What Is a Proximal Risk Factor?

Proximal Risk Factors and Borderline Personality Disorder

abused child siting on a staircase
What is a proximal risk factor an what are their role in borderline personality disorder (BPD)?. princessdlaf/Getty Images

When talking about borderline personality disorder (BPD) and the possible causes of BPD, you may hear talk of both proximal risk factors and distal risk factors. What are proximal risk factors, and what do we know about their role in BPD? How are causes of BPD, behaviors associated with BPD, and risk factors related?

What Causes Borderline Personality Disorder (BPD)?

Researchers are still uncertain about how or why borderline personality disorder (BPD) occurs.

Many people with BPD have common backgrounds, but these are certainly not universal among people with BPD.

In addition to environmental factors like experiencing abuse as a child, scientists suggest that BPD could be linked to genetics or brain abnormalities. Some studies of people with BPD have shown that it could be an inherited trait. People with BPD often have members of their family tree who also experienced BPD. Other research has shown that people with BPD show different brain activity than other individuals, particularly in the areas that regulate impulsive behaviors and emotional responses. 

Along with these potential causes, certain risk factors can be linked to BPD, including both proximal risk factors and distal risk factors. These risk factors are very different in how they are connected to BPD.

What is a Proximal Risk Factor?

A proximal risk factor is a risk factor that precipitates a disease, such as BPD.

They represent an immediate vulnerability for a particular condition or event. Sometimes proximal risk factors cause or shape an event. For example, an intensely stressful life experience, such as a divorce or loss of a job, is a proximal risk factor for a suicide attempt. This type of experience often occurs immediately prior to self-harm.

Proximal risk factors work directly, or almost directly, to cause a disease or symptom to take place. However, they do not act alone or come out of nowhere. Someone with a solid foundation is not likely to commit suicide after a divorce or job loss. But someone who has experienced years of abuse during his childhood or constant rejection may commit suicide after these setbacks. While the proximal risk factor may be the final straw, they are usually built off of years of development, such as through distal risk factors.

What is a Distal Risk Factor?

In contrast to proximal risk factors, distal risk factors represent background characteristics that may put someone at risk for an event or condition at some point in his lifetime, but not immediately. In the case of borderline personality disorder, this can include intense childhood trauma or abuse. This background of trauma puts a person at higher risk of later being diagnosed with BPD.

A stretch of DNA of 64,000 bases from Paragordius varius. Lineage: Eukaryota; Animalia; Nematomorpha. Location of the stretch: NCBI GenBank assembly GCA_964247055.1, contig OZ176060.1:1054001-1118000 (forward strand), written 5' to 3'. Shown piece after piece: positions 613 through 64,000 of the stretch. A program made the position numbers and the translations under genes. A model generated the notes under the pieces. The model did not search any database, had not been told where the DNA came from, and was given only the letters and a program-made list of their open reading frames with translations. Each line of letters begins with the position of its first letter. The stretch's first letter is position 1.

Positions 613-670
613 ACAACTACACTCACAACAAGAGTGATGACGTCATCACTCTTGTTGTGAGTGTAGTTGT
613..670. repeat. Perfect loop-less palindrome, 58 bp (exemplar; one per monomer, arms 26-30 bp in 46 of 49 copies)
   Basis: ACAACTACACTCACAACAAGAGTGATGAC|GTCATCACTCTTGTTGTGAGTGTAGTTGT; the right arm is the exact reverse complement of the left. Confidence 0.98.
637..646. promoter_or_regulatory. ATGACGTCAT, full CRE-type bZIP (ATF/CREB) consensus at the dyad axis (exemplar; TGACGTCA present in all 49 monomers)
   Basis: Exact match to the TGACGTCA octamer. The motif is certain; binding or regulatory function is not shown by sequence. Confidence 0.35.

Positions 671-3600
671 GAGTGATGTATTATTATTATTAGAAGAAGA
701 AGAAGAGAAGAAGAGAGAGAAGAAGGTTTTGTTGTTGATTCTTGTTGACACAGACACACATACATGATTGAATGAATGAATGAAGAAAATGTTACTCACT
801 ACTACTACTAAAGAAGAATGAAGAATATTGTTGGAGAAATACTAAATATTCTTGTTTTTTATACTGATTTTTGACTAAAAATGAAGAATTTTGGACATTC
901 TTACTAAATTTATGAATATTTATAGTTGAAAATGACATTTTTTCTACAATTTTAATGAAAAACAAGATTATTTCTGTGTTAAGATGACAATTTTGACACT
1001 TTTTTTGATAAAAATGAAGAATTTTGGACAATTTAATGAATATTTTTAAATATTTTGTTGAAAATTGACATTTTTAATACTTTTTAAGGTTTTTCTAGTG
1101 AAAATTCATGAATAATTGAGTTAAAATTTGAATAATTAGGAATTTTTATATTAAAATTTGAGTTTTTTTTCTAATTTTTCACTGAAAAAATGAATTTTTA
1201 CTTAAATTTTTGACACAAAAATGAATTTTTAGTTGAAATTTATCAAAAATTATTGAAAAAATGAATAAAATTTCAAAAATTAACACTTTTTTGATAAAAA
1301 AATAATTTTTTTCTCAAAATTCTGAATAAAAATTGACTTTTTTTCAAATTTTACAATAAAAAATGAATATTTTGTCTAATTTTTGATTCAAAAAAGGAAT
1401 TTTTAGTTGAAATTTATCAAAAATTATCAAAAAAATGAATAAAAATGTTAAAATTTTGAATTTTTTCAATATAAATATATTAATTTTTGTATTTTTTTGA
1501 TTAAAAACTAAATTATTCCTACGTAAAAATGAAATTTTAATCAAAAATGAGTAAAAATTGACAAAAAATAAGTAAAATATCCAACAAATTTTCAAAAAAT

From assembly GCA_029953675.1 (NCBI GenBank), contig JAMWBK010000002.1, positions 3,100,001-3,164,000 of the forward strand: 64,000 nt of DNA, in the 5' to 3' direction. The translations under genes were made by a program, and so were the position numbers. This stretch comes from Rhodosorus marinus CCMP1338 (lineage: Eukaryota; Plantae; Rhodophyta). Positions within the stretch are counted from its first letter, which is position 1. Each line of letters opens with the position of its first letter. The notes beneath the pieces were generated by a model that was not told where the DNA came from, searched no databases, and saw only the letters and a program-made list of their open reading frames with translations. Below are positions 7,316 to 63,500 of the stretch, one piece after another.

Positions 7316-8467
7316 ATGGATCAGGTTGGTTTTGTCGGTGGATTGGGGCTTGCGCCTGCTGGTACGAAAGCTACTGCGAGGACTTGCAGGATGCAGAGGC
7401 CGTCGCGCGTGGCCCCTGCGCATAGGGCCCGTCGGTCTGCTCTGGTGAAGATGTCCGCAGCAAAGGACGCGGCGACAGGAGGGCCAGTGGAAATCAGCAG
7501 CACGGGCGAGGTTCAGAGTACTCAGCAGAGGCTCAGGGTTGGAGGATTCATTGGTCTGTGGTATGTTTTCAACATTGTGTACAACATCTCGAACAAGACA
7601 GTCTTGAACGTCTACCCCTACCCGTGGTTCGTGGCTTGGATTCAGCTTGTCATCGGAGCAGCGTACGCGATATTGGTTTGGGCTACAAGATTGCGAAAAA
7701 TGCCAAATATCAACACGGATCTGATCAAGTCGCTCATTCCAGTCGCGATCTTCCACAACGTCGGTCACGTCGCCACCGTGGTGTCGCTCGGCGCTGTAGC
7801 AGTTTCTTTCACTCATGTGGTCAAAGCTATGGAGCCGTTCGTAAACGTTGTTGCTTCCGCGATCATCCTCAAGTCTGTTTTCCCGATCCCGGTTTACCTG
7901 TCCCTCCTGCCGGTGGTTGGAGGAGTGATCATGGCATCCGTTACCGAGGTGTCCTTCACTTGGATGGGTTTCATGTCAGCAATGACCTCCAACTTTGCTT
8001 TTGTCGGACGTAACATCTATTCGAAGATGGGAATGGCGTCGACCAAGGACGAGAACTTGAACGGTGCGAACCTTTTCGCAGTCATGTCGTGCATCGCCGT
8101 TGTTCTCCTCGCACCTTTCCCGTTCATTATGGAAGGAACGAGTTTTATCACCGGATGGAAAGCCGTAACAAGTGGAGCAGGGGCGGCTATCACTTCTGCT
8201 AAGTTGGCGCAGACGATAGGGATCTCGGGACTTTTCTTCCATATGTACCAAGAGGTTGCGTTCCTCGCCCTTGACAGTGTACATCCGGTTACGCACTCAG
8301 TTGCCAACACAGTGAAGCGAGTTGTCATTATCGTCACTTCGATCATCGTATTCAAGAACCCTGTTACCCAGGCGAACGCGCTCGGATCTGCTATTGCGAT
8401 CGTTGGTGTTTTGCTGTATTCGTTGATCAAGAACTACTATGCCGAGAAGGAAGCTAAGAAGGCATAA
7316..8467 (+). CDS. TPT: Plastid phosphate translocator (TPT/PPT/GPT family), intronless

It is believed that distal risk factors are connected to BPD because of their link to learned behaviors.

Someone who grew up in an abusive household may have learned from an early age that violence and aggression are an acceptable and useful tool to get what is desired. These learned behaviors can stay with that person throughout their lives and influence how they react to different situations or triggers. 

Common Links Among People with BPD

While the exact cause of borderline personality disorder is still unknown, scientists and researchers have identified some common links among people with BPD. From early life traumas to emotional triggers, proximal and distal risk factors play a major role in how BPD reveals itself in a person's life.

Proximal Risk Factors for Suicide with BPD

Proximal risk factors are important in BPD, not just for their contribution to the development of the condition, but how they may play a role in some of the consequences of BPD, such as suicide. For those who are living with BPD or have a loved one with the disease, learn more about the proximal risk factors for suicide in people with BPD. Be alert for factors such as stressful events, suicide in others ("contagion effect suicide"), a plan for suicide, and feelings of hopelessness.

If You or a Loved One May Have BPD

A diagnosis of BPD can only be made by an experienced therapist. Many people have some traits of the disorder, but with BPD these traits cause significant distress and an inability to fully appreciate life.

If you or a loved one have been diagnosed with BPD, learn as much as you can about the condition. Find a therapist you can trust. There are ways in which both the symptoms and potential risk factors can be managed. Learn about the treatment options for BPD which are available.  And make sure to take the time to prepare a safety plan for yourself or your loved one.

Sources:

Aaltonen, K., Naatanen, P., Heikkinen, M. et al. Differences and Similarities of Risk Factors for Suicidal Ideation and Attempts Among Patients with Depressive or Bipolar Disorders. Journal of Affective Disorders. 2016. 193:318-330.

Reed, L., Fitzmaurice, G., and M.Zanarini. The Course of Dysphoric Affective and Cognitive States in Borderline Personality Disorder: A 10-Year Follow-Up Study. Psychiatry

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